As both a woman and a women in business reporter, I made a few observations while attending the New Jersey Chamber of Commerce's 80th annual Walk to Washington and Congressional Dinner last week at the Marriott Wardman Park in Washington, D.C.
Hundreds of New Jersey business owners and leaders in the nonprofit, corporate and political sectors board the train each year to network and promote their businesses. So, naturally, each woman I met on the train was an expert in kicking some serious tail in their respective field.
However, not all of them were necessarily “known” to the New Jersey community just yet. In fact, I had multiple conversations with women simply about their experiences starting out as an entrepreneur, as a small business owner or as a working mother in demanding corporate jobs.
Those conversations helped to further my connection to those asking if NJBIZ would be interested in learning more about them and their business.
If I was thinking, “Why don’t more women sign up for this? And why don’t more women’s organizations promote this opportunity?” — what were some of the women on the train thinking?
Here’s what I found out:
“I enjoyed the event and was so happy to see many women legislators, business and association leaders. I believe the number of women grows every year. It is a great way to connect and reconnect with some amazing women.” — Marilou Halvorsen, president of the New Jersey Restaurant and Hospitality Association
“I very much enjoyed meeting some powerful women on the train and made a few quality connections. However, I did not see many female legislators on the train or at the event, and there were no female legislative speakers!” — Marilyn Schlossbach, CEO of the Marilyn Schlossbach Group and owner of Labrador Lounge in Normandy Beach and Langosta Lounge in Asbury Park.
“I have been attending the chamber train trip on and off for almost 25 years. The event has certainly changed over the years for women and their participation at all levels. Back in the day, a fair amount of women attended the train trip to Washington, D.C., but were not part of the face of the event. Today, the chair of the chamber is Amy Mansue; the hottest hospitality event was hosted by Trish Zita, a partner in a prominent government affairs firm in Trenton; Anjalee Khemlani, a reporter from NJBIZ, served on the reporter’s panel; and, for the first time, four state trade associations all led by women were invited to sit on the dais with the chamber board and congressional delegation. Overall, the state chamber trip is a showcase for female business leaders to take a seat at the table.” — Linda Doherty, CEO and president of the New Jersey Food Council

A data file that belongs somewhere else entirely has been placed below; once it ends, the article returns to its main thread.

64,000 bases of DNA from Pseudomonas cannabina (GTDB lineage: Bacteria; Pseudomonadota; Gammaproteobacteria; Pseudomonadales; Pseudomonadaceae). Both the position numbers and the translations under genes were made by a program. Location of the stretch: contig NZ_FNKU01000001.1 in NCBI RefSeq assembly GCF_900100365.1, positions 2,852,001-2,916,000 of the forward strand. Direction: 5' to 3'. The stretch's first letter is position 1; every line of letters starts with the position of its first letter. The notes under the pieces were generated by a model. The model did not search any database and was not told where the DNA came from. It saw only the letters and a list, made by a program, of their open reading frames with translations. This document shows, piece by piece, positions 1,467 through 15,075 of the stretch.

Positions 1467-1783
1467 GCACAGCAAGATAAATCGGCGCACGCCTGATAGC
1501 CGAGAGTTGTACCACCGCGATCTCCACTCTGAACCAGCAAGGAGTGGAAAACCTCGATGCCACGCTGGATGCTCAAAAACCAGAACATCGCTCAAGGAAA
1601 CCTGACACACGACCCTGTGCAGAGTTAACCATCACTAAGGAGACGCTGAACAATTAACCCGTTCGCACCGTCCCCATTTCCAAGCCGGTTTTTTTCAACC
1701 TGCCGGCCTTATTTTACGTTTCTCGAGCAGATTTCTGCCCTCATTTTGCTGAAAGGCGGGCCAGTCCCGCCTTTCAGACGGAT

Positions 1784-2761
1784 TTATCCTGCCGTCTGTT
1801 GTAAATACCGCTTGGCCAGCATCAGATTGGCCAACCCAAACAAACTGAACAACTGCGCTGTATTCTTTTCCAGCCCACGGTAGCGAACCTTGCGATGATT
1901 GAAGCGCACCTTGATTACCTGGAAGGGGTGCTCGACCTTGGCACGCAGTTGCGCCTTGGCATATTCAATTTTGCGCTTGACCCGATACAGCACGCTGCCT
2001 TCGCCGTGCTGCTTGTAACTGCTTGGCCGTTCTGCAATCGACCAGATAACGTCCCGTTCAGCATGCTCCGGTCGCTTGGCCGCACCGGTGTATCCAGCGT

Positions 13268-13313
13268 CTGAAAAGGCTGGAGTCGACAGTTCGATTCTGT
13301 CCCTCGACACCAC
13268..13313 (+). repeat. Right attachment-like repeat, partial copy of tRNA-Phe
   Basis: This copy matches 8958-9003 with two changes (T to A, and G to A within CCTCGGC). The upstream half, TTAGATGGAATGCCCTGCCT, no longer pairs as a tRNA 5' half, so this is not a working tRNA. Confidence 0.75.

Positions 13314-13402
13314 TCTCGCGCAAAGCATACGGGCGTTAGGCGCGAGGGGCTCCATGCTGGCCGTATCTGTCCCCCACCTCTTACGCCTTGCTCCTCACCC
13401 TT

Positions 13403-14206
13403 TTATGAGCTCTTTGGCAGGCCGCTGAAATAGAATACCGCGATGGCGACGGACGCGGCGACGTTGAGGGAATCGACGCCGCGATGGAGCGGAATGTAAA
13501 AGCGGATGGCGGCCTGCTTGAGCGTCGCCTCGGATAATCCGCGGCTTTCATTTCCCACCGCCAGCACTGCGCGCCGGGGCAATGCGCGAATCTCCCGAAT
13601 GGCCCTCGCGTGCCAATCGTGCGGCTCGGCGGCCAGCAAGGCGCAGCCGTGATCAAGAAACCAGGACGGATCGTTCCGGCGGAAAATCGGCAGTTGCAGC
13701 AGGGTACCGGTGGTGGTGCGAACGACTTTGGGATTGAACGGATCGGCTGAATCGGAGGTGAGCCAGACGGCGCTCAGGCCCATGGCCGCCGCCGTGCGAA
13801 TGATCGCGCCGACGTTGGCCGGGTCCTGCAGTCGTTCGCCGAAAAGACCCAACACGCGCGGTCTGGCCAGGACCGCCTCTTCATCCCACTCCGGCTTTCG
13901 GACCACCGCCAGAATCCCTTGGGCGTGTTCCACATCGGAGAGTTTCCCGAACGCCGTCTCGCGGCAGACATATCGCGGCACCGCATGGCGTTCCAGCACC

“We did notice that the overall train trip attendance was predominantly male — with most of the visible elected officials being male, as well — however, our Greater Elizabeth Chamber of Commerce contingent had a significant number of females in attendance (with) close to 50 percent. We also loved how a younger female was on the breakfast panel. Anjalee Khemlani, deputy managing editor for NJBIZ, was the youngest and only female who articulated an objective perspective on the topics discussed.” — Jennifer M. Costa, director of the Elizabeth Destination Marketing Organization, and Yasmin Fisher, membership and events director for the Greater Elizabeth Chamber of Commerce.
“The misbehaviors of years past have faded into lore, but there still is an awful lot of alcohol brought onto and consumed on the train. It’s a long ride in high heels and I am grateful that, when the train lurched, at least I fell into someone I knew. I find the networking in the hotel lobby bar to be at least as important as that done on the train. And, while I usually skip the dinner in favor of entertaining clients, this year I attended and saw (U.S. Sen.) Cory Booker’s best speech ever. That was a real treat.” — Lori Grifa, partner at Archer & Greiner P.C.
“It is a 24-hour networking event, with men in suits outnumbering women four to one. However, at the end of the trip, many women continued networking, while many men seemed to take the time to rest.” — Rachel Anevski, CEO and president of Matters of Management LLC